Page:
The book ends with an odd collection of sayings and jokes, like the two men complaining about how things were better in the olden days, when there were frequent fights in church! Spoken like the true descendants of Vikings, I guess. As I have for the first two books, I’ll recommend this one especially for readers looking for folk tales from new places.

“Elves, Trolls and Elemental Beings” Review

4-star rating

This is book two of the Icelandic Folktales series.

The island of Iceland sits at the north end of the Atlantic Ocean, just south of the Arctic Circle. While the Gulf Stream, which passes by on the south side moderates temperatures some, Icelandic weather is highly changeable, and winter nights are very long. No surprise, then, that long, dark, nights, howling winds, blizzards, and oh by the way, volcanoes, can take the imaginations of isolated farmers and travelers in dark directions.

In these stories, trolls and especially trollwives are the bane of the traveler and the shepherd watching over his flock in isolated summer pastures, often luring them to their death, slavery, or even transformation into trolls themselves.

Icelandic elves bear no resemblance to, say, J.R.R. Tolkien’s. They can be every bit as devious and evil as the trolls, just smaller. They stick closer to settlements, too. They look like humans (no pointy ears here) but control whether humans can see them. And elves and humans can sometimes have not-so-dangerous relations, but the humans are always one misstep away from trouble. And that trouble can be serious indeed.

There are stories of mermaids, seals who take human form, and even a whale, not surprising for the residents of an island for whom ocean fishing was an important task.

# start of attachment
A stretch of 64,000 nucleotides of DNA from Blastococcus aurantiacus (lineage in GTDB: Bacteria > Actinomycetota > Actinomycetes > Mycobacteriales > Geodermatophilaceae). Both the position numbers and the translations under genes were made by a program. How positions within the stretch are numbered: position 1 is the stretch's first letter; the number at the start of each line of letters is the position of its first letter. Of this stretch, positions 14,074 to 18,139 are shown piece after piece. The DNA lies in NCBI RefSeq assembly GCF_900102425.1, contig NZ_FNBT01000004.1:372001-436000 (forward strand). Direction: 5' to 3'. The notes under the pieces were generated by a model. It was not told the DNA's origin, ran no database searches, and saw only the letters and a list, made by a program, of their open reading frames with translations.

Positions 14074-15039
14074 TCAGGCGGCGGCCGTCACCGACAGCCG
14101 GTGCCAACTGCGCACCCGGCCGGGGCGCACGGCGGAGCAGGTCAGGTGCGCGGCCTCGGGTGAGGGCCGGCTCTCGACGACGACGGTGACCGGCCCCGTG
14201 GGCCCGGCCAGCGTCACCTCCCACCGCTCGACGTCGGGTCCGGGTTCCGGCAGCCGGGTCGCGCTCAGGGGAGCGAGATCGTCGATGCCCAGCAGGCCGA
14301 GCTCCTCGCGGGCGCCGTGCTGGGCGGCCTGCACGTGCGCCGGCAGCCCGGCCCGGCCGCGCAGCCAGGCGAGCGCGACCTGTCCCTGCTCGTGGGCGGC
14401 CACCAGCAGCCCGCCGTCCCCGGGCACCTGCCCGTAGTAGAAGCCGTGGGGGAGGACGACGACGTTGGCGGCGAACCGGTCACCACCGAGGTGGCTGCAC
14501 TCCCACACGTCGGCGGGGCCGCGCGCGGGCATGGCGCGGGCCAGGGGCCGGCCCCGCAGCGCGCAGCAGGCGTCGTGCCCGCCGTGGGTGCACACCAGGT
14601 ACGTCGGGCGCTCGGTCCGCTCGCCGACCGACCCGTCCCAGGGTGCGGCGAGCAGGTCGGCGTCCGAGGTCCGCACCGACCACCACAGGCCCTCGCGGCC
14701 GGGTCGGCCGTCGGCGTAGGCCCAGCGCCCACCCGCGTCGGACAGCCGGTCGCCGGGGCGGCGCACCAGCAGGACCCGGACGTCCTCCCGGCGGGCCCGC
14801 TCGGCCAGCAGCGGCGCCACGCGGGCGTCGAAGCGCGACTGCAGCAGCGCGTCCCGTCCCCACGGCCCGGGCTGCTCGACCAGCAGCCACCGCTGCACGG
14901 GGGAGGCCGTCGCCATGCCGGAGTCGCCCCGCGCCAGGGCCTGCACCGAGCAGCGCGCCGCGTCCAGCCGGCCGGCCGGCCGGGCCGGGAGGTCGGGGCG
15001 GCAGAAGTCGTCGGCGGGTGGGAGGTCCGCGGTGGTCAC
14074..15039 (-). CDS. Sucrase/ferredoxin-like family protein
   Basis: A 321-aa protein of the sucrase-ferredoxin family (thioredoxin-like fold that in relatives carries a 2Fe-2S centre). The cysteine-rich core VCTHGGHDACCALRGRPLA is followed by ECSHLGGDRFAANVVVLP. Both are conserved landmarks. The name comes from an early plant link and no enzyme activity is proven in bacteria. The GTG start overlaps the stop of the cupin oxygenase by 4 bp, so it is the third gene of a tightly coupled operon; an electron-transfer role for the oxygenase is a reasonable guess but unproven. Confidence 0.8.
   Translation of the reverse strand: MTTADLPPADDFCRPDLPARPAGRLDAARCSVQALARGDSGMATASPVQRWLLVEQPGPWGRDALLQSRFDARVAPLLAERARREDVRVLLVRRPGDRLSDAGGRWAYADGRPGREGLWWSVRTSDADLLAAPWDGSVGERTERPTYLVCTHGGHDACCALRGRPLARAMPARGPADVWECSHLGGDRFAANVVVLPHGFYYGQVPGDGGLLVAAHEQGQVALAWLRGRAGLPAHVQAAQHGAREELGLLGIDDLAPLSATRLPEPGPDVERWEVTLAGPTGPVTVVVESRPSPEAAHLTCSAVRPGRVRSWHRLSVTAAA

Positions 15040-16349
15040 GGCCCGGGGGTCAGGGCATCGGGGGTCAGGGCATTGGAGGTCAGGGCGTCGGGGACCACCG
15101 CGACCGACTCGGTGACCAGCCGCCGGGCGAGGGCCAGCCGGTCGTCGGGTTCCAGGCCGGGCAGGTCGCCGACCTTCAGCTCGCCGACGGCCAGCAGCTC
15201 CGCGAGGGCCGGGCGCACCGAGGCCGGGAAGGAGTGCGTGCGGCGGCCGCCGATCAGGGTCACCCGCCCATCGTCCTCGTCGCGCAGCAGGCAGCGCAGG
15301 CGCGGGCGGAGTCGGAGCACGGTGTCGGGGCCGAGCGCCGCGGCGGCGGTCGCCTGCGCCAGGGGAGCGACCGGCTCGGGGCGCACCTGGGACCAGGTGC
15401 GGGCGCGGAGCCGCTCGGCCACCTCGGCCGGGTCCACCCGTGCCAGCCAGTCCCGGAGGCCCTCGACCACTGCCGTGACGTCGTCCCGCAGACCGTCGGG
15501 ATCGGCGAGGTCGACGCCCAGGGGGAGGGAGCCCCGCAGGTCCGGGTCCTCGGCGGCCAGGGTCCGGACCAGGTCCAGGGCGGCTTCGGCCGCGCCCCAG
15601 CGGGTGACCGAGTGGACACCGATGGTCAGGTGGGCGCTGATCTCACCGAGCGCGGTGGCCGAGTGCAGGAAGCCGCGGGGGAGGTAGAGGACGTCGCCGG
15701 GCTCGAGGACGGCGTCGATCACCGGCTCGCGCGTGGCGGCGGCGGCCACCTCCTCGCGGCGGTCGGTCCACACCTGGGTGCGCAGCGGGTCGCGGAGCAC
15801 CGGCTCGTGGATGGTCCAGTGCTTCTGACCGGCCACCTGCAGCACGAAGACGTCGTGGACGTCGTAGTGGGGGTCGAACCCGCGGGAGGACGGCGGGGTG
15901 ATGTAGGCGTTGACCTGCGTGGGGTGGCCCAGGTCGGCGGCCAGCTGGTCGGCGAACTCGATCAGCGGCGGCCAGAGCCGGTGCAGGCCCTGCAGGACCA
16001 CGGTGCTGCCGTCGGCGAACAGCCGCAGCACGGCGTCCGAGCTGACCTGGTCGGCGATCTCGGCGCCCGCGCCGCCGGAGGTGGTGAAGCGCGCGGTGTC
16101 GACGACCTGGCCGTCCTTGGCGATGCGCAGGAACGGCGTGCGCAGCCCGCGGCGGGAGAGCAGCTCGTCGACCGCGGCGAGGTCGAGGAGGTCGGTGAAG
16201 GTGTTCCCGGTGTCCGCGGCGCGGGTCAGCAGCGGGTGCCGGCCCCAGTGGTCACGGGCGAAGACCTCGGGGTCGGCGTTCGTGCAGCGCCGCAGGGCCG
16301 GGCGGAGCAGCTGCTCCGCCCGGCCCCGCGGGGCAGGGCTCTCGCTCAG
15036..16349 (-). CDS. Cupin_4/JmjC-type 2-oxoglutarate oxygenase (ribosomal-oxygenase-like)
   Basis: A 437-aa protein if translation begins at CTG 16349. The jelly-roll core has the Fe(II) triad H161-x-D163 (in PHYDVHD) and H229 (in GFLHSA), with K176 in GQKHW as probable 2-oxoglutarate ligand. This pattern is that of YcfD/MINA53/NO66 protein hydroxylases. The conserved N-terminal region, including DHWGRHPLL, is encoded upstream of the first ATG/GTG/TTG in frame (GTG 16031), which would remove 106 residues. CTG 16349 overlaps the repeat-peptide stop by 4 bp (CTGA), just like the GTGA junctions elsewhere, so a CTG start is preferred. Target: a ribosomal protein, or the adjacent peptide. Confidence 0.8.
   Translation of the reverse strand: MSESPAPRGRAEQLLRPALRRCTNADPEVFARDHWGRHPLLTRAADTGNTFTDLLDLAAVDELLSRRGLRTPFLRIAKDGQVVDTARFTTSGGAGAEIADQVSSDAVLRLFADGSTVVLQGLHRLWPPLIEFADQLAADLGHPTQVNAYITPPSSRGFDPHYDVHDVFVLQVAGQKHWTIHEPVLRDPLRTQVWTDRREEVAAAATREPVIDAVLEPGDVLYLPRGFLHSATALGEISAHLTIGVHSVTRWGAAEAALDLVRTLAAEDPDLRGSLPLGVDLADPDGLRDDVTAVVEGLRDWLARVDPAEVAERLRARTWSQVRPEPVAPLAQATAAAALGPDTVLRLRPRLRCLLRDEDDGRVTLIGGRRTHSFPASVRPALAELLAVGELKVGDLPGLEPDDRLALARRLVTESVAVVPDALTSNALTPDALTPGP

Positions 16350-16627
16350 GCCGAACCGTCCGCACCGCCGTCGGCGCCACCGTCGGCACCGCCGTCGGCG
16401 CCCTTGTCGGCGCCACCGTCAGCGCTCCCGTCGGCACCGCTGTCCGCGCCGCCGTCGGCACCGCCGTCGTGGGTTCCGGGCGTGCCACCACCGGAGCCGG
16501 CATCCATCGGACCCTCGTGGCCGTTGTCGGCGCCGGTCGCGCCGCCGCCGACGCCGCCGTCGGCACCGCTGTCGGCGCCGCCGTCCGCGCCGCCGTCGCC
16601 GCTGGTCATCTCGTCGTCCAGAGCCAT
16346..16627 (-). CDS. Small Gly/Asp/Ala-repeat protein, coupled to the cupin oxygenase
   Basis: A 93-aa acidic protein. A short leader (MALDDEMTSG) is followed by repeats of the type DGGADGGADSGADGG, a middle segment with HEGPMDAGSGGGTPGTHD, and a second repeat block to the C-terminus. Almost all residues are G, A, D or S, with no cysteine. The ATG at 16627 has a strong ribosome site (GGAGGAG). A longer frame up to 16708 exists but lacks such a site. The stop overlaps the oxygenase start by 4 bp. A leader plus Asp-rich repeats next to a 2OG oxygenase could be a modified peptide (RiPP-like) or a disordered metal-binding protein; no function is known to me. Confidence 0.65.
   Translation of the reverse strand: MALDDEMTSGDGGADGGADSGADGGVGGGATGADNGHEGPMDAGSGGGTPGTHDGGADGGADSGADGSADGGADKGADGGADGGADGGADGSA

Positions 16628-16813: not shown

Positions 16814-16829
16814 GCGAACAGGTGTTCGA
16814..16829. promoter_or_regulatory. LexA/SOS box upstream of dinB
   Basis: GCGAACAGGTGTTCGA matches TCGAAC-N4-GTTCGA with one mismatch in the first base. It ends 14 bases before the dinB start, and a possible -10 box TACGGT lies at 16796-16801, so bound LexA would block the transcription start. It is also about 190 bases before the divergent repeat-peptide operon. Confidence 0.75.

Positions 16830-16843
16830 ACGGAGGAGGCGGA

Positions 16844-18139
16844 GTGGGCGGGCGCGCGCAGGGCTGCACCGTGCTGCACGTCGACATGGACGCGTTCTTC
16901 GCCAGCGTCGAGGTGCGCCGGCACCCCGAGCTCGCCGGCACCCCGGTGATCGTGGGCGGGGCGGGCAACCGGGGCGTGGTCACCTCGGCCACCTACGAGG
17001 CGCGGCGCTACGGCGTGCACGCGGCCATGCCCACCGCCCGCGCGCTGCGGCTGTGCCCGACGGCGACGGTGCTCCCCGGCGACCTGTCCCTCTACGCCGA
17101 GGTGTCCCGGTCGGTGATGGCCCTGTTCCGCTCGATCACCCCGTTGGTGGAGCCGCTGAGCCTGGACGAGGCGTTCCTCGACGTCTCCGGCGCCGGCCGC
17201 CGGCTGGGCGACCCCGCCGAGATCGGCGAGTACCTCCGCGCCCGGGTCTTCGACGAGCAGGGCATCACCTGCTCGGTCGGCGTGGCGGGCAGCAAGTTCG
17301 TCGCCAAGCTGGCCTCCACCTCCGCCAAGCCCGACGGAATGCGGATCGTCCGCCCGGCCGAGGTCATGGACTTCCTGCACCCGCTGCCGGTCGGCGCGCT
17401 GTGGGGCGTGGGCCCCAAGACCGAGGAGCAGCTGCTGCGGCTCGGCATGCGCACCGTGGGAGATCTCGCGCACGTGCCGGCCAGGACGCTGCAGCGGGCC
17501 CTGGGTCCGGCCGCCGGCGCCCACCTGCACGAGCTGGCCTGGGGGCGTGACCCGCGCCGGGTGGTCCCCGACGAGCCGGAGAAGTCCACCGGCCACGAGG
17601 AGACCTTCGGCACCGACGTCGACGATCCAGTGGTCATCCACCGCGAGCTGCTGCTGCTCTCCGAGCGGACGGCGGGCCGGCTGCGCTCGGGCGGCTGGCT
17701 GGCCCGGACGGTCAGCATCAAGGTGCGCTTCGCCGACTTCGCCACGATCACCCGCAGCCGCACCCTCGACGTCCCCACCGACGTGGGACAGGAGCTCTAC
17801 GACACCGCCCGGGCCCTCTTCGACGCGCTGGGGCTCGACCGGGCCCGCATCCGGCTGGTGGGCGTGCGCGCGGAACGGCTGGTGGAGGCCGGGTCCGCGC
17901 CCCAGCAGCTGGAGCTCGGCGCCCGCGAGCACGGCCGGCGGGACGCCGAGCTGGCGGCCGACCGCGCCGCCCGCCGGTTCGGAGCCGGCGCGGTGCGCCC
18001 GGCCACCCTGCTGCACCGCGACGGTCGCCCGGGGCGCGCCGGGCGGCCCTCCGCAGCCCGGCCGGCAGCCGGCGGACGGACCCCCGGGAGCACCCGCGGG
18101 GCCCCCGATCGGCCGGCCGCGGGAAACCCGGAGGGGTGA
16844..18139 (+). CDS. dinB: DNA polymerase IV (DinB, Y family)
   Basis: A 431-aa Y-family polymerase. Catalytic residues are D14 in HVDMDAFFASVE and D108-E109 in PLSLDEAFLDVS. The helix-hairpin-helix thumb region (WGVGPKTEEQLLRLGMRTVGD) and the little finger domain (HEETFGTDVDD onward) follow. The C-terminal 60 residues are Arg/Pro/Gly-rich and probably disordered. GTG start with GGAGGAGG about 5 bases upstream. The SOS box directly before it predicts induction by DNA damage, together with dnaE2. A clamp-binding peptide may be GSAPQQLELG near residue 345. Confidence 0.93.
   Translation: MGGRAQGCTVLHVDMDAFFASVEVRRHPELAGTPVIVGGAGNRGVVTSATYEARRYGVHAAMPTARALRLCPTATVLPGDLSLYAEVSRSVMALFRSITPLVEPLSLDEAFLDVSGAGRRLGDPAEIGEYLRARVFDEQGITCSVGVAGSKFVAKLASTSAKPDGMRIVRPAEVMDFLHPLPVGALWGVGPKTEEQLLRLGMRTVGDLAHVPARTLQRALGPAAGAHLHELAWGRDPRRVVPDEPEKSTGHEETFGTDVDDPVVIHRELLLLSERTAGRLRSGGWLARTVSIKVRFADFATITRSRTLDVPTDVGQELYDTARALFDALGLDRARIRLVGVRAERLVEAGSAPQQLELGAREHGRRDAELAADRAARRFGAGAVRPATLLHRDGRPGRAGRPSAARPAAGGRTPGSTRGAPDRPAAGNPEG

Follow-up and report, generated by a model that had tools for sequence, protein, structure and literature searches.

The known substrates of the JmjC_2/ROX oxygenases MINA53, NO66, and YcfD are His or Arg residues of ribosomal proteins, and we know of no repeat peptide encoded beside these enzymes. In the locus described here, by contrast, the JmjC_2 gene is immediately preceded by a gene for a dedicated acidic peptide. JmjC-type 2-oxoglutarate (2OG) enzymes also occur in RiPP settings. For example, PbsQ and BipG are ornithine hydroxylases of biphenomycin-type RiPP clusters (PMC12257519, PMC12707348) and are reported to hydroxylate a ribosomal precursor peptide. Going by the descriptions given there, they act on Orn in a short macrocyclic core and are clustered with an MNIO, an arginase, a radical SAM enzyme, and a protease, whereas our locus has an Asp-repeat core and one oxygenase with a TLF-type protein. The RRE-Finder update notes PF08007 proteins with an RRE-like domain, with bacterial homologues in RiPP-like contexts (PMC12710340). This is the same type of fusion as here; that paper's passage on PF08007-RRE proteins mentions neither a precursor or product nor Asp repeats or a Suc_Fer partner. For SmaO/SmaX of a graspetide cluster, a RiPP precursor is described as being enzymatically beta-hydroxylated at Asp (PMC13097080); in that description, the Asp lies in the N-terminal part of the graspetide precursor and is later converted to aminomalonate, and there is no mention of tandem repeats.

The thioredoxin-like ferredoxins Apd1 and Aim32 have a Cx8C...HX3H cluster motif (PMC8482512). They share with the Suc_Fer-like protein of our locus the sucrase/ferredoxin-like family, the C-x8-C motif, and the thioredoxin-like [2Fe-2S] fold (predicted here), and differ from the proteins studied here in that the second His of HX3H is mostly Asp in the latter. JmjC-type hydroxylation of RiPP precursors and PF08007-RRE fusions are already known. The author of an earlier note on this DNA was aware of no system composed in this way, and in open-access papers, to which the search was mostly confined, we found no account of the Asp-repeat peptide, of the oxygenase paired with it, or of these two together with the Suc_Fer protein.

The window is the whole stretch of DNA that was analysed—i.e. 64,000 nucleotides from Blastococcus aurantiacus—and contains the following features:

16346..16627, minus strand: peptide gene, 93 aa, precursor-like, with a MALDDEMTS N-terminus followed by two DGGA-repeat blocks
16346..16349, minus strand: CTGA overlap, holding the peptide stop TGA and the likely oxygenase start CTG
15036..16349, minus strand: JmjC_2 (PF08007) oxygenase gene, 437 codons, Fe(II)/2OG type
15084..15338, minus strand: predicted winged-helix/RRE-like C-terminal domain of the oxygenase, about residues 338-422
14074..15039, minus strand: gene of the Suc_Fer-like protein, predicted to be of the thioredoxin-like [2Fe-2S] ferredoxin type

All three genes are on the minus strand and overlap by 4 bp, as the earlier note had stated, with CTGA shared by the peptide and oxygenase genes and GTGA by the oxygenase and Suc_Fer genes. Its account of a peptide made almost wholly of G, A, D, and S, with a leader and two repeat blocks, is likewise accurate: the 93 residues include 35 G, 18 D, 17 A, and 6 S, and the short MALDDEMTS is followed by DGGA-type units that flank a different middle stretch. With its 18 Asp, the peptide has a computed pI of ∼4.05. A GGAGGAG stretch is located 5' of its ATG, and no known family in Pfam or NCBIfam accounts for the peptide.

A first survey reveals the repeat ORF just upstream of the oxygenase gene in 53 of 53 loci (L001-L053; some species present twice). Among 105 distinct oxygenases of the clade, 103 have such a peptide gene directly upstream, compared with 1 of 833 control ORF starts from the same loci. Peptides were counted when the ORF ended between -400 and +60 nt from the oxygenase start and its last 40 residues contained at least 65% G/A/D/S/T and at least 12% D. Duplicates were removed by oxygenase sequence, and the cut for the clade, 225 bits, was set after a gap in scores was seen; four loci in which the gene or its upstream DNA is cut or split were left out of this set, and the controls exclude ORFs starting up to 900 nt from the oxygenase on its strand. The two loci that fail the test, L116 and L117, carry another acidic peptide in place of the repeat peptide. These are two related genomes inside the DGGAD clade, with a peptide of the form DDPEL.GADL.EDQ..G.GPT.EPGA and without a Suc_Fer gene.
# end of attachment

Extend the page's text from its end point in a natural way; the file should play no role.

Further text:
While dark, the stories often feature humans overcoming the dangers they face, although sometimes at a high price.

As with book 1, this volume is recommended for the reader looking for new and different folk tales.

“Ghosts, Witchcraft and the Other World” Review

4-star rating

This is the first book in the Icelandic Folktales series. The stories were originally collected by Jón Árnason and Magnús Grímsson in the 1800s, and were translated by Alan Boucher in the 1970s. This volume features stories of ghosts, witches, and the Devil himself.

Iceland is a beautiful but rugged country with ferocious and highly changeable weather. Early farmers lived far apart on isolated farmsteads. Life was hard, so it’s no surprise that the supernatural world was real and near to them. Ghosts and other spirits walked among them, often with malicious intent. The Devil was around too, but not as the nearly all-powerful being imagined in Continental Europe and the Americas. Here, he could not only be bargained with, he could be beaten or fooled, and often was. On top of this, unlike Christian clerics elsewhere, many priests were also adepts, with various magical powers, and they could often be called upon to undo a curse or relieve a spell or haunting.

Boucher has not tried to pretty-up the language of these stories, retaining the plain wording and simple styles that Árnason and Grímsson originally captured, but readers are likely to stumble over the place names, whose origins are in old Scandinavian tongues, especially Norwegian.

If you’re interested in the folktales from faraway lands but are tired of those from England or Central Europe, you can be transported back in time and space with this book and its companions. Recommended.

“Endurance” Review

5-star rating

Scott Kelly’s early life as a kid from West Orange, New Jersey, just west of New York City, gave no hint of what he and his twin brother Mark would become. Scott in particular was a mediocre student at best, drifting through school, even junior college, just getting by. Until he read Tom Wolfe’s The Right Stuff, the story of the seven original US astronauts.

That book sparked the passion in him that led him to become a Navy F-14 pilot, a test pilot, and ultimately an astronaut who would fly both the Space Shuttle and on the International Space Station. His final mission aboard the ISS lasted nearly a year. That year would prove to be a true test of endurance—mental and emotional more than physical—for not only him, but his ex-wife, their two daughters, and his girlfriend. Those of us who have experienced long-term military deployments to far-off foreign lands, especially in the days when we had little or no contact with our loved ones back home, can certainly relate to his struggles. For those who have not had that experience, Kelly’s story can be revealing.